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Why Symantec Customers Need to Reevaluate Their Email Security Strategy

August 19, 2019
Ryan Kalember

Broadcom recently announced the acquisition of Symantec’s Enterprise Security Business. During this announcement, Broadcom highlighted several major proposed changes that could hurt their customers’ email security posture, including the following:

  • They are narrowing their focus to endpoint security, web security, and DLP, while not investing in email security and other products
  • They will eliminate over $1 Billion in spending across R&D (40% cut) and Sales (82% cut)
  • They will only focus on the Global 2000 customer base and essentially let the commercial accounts churn out of their business

Broadcom has a track record of buying tech companies (most recently Brocade and CA Technologies), drastically cutting costs, and then selling to only the largest clients, and have confirmed they will follow the same playbook for Symantec. This strategy has left many customers with diminished support, end-of-life products, and technology that will either be retired or no longer receive investments in either R&D or support.

How does this acquisition impact Symantec customers’ cybersecurity?

Despite Broadcom/Symantec’s priorities, email is still the number one choice of attackers, with 96% of public breaches starting via email in the most recent Verizon DBIR. Symantec’s email gateways have lagged for years in their effectiveness against phishing, impostor, and malware attacks. Symantec was also significantly behind in implementing URL sandboxing, layered defenses against impostor attacks, DMARC-based email authentication, and more features that are considered by Gartner table stakes to protect the most critical threat vector. In addition, the visibility they provide into threats remains behind the curve – Symantec doesn’t give you insight into which of your users and departments are highly targeted by adversaries, much less give you better ways to protect them via adaptive controls.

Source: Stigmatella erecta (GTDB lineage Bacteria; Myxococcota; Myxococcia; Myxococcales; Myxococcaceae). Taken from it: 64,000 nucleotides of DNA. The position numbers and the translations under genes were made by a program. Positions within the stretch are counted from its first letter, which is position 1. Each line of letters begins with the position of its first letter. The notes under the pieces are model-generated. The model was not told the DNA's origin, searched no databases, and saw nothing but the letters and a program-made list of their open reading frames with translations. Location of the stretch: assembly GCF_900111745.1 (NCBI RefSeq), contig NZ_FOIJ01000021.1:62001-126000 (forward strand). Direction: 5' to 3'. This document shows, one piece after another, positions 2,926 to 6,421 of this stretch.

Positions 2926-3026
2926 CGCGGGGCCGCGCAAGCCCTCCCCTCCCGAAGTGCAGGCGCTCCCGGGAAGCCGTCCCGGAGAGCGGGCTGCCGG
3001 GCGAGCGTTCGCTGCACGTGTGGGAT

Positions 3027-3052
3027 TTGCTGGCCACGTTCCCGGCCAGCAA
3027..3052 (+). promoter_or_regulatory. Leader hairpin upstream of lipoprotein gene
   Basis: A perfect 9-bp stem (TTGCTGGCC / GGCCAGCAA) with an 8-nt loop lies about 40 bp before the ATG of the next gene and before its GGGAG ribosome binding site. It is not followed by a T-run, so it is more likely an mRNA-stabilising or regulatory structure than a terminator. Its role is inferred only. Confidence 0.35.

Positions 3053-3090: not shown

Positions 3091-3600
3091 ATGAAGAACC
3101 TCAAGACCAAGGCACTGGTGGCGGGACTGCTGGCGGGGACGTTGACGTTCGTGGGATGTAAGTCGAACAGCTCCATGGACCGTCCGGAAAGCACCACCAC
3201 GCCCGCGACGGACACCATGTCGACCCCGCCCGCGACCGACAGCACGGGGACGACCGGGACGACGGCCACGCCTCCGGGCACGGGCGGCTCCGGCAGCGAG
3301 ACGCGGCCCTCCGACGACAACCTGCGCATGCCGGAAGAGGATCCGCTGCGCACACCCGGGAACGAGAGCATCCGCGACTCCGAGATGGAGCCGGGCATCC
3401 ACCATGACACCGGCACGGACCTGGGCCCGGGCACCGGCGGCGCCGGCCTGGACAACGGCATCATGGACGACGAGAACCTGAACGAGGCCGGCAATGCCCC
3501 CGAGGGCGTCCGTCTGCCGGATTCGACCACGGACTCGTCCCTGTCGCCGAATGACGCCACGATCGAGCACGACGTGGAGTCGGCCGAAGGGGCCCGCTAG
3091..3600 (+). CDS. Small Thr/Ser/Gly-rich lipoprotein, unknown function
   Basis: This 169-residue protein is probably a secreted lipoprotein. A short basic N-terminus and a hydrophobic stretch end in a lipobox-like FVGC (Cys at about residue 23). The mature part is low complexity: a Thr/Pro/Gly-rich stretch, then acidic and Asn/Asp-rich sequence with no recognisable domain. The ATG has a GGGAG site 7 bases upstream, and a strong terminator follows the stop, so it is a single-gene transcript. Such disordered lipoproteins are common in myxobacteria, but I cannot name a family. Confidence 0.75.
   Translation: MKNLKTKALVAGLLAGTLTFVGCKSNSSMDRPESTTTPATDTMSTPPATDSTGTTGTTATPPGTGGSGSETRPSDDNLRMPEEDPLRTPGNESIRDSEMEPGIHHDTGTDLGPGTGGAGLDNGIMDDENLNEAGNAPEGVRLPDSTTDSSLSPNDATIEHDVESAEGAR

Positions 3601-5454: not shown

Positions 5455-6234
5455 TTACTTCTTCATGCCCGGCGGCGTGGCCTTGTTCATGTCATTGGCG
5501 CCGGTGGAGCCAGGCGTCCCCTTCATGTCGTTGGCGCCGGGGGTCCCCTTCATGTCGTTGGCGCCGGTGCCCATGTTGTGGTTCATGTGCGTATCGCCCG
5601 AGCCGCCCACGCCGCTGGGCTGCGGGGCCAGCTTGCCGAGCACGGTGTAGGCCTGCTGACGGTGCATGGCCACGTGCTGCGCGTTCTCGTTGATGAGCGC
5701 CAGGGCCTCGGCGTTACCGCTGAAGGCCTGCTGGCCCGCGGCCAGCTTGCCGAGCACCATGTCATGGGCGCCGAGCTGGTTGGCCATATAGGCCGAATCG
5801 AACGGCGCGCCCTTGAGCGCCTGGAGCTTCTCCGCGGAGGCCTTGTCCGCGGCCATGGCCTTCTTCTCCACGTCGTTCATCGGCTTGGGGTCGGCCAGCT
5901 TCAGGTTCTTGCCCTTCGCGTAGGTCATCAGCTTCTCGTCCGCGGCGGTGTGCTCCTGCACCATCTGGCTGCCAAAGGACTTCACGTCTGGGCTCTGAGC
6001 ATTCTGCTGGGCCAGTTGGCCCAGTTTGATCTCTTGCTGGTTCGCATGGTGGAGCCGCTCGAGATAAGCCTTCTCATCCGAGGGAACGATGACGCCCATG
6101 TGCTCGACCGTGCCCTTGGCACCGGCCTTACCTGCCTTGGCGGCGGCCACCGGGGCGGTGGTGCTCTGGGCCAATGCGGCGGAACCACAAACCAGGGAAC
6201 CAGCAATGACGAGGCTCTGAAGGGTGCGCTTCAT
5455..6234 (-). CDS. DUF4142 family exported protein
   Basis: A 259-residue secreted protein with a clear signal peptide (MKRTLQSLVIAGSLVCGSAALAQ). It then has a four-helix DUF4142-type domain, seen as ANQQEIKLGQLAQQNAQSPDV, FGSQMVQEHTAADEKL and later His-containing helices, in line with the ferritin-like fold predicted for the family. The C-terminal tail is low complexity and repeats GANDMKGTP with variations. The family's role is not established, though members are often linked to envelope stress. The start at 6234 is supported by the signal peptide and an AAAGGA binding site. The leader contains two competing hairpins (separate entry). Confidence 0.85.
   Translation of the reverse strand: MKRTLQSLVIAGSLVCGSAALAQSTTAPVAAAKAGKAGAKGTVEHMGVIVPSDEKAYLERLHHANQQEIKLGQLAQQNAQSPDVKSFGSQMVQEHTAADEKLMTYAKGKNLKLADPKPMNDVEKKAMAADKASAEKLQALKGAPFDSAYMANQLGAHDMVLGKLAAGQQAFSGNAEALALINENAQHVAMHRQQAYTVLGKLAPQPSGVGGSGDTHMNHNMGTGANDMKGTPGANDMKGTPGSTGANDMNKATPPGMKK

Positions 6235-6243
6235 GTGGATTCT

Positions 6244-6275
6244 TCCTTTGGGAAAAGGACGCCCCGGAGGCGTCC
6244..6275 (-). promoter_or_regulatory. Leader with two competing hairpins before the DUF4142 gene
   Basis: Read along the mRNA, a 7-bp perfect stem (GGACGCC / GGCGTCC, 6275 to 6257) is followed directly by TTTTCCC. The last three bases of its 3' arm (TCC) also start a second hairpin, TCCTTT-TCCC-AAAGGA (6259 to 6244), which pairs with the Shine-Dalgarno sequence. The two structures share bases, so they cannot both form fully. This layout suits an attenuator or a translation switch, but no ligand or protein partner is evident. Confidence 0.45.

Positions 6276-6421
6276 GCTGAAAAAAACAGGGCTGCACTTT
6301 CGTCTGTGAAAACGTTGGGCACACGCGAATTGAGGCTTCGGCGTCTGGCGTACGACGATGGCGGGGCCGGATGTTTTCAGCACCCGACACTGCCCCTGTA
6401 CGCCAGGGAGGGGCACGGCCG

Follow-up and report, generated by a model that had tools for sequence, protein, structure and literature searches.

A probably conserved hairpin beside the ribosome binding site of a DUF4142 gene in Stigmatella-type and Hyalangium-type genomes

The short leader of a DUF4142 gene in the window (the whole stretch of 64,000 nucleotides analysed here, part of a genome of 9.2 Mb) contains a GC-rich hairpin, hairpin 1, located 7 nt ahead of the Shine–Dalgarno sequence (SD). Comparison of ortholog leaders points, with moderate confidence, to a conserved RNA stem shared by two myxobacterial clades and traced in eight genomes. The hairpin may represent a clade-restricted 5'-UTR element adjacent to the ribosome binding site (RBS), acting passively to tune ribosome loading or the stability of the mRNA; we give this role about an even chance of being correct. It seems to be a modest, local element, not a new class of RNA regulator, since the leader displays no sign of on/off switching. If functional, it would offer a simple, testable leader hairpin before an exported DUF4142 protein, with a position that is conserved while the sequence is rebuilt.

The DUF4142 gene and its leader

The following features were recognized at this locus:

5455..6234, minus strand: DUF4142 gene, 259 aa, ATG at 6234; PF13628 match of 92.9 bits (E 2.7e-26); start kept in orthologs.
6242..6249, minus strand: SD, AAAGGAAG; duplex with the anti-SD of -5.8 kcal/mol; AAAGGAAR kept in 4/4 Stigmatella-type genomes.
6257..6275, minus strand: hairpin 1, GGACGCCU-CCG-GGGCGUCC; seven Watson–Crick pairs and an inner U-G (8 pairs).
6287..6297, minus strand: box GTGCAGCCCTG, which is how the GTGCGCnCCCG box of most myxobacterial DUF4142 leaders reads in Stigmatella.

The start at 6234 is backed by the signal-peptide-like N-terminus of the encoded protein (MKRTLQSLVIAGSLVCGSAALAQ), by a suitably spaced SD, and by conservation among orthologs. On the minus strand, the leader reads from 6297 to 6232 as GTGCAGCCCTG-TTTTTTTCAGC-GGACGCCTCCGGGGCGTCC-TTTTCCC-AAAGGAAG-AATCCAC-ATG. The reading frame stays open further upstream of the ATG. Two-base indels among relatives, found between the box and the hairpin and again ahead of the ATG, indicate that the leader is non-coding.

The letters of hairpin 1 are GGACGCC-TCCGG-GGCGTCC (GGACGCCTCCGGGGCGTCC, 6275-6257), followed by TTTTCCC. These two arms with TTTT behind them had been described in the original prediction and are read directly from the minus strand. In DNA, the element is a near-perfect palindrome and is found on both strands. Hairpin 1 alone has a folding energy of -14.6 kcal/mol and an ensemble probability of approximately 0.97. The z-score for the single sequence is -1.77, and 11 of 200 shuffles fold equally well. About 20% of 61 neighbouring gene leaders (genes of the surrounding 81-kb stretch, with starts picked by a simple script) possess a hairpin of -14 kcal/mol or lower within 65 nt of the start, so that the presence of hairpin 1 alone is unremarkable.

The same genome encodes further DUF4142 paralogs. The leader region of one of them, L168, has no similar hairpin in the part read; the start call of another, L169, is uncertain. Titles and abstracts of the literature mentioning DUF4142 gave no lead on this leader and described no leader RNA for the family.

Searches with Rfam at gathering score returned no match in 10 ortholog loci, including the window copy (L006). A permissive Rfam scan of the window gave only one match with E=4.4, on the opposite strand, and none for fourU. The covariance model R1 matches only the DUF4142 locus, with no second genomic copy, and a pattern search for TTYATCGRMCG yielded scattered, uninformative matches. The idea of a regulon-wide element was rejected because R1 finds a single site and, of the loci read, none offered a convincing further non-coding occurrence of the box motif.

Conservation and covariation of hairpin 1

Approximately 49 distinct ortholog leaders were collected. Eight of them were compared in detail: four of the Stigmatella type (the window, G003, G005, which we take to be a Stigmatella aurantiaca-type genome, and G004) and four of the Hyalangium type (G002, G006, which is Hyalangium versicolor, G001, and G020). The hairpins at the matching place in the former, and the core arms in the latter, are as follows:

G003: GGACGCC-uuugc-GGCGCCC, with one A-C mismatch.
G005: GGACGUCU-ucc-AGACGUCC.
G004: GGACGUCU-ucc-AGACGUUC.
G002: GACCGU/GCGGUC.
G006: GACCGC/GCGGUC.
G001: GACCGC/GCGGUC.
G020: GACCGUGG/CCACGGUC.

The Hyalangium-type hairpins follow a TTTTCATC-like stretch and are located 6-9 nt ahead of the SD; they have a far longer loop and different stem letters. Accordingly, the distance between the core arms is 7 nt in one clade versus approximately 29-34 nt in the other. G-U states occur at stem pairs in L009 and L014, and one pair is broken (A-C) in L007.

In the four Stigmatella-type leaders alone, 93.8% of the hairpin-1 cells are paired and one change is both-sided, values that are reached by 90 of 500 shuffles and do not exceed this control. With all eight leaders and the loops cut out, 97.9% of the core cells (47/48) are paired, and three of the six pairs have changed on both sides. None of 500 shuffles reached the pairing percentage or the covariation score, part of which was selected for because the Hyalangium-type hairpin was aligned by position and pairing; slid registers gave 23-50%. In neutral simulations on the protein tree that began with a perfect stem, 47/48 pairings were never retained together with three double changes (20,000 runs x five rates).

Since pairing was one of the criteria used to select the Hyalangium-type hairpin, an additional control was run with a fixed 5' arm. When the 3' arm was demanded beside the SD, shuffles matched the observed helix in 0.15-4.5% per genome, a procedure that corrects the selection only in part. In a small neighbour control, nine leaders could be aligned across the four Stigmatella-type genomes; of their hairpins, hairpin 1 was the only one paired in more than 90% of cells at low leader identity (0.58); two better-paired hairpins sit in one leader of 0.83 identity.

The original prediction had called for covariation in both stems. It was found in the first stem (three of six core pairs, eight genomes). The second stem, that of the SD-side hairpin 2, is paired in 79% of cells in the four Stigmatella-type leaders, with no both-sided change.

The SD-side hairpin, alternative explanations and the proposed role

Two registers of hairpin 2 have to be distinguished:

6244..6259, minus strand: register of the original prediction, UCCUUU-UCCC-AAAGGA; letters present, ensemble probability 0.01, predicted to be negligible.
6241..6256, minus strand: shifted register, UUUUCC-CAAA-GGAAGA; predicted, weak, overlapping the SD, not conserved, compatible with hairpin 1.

Unfortunately, as Broadcom didn’t indicate they will invest in email, those gaps won’t likely close, and Symantec customers will continue to be at risk. The average security operations team spends more time on phishing attacks than anything else (45% in one recent survey), and poor performance from an email gateway can make security teams’ lives miserable.

What can you do to better protect your organization?

At the very least, you should evaluate how well your Symantec email gateway is performing. We’re happy to assist with a free, simple, painless assessment - within 24 hours and with minimal configuration.  We’ll also deploy our solutions for 30 days for no cost so you can experience our technology in action. You can sign up for a free trial here: https://www.proofpoint.com/us/free-trial-request.

If you decide you’re ready to move on from Symantec, you’re not alone. In response to the demand from Symantec email gateway customers who’ve reached out to us since the announcement, we’re rolling out a transition program similar to the program we launched when McAfee exited email in 2015, with free migration services to enable a seamless transition to Proofpoint’s email security platform, the #1 choice of the Fortune 100, Fortune 500, Fortune 1000, and the Global 2000. You can also listen to a webinar detailing "What the Symantec Acquisition Means for Your Email Security Future."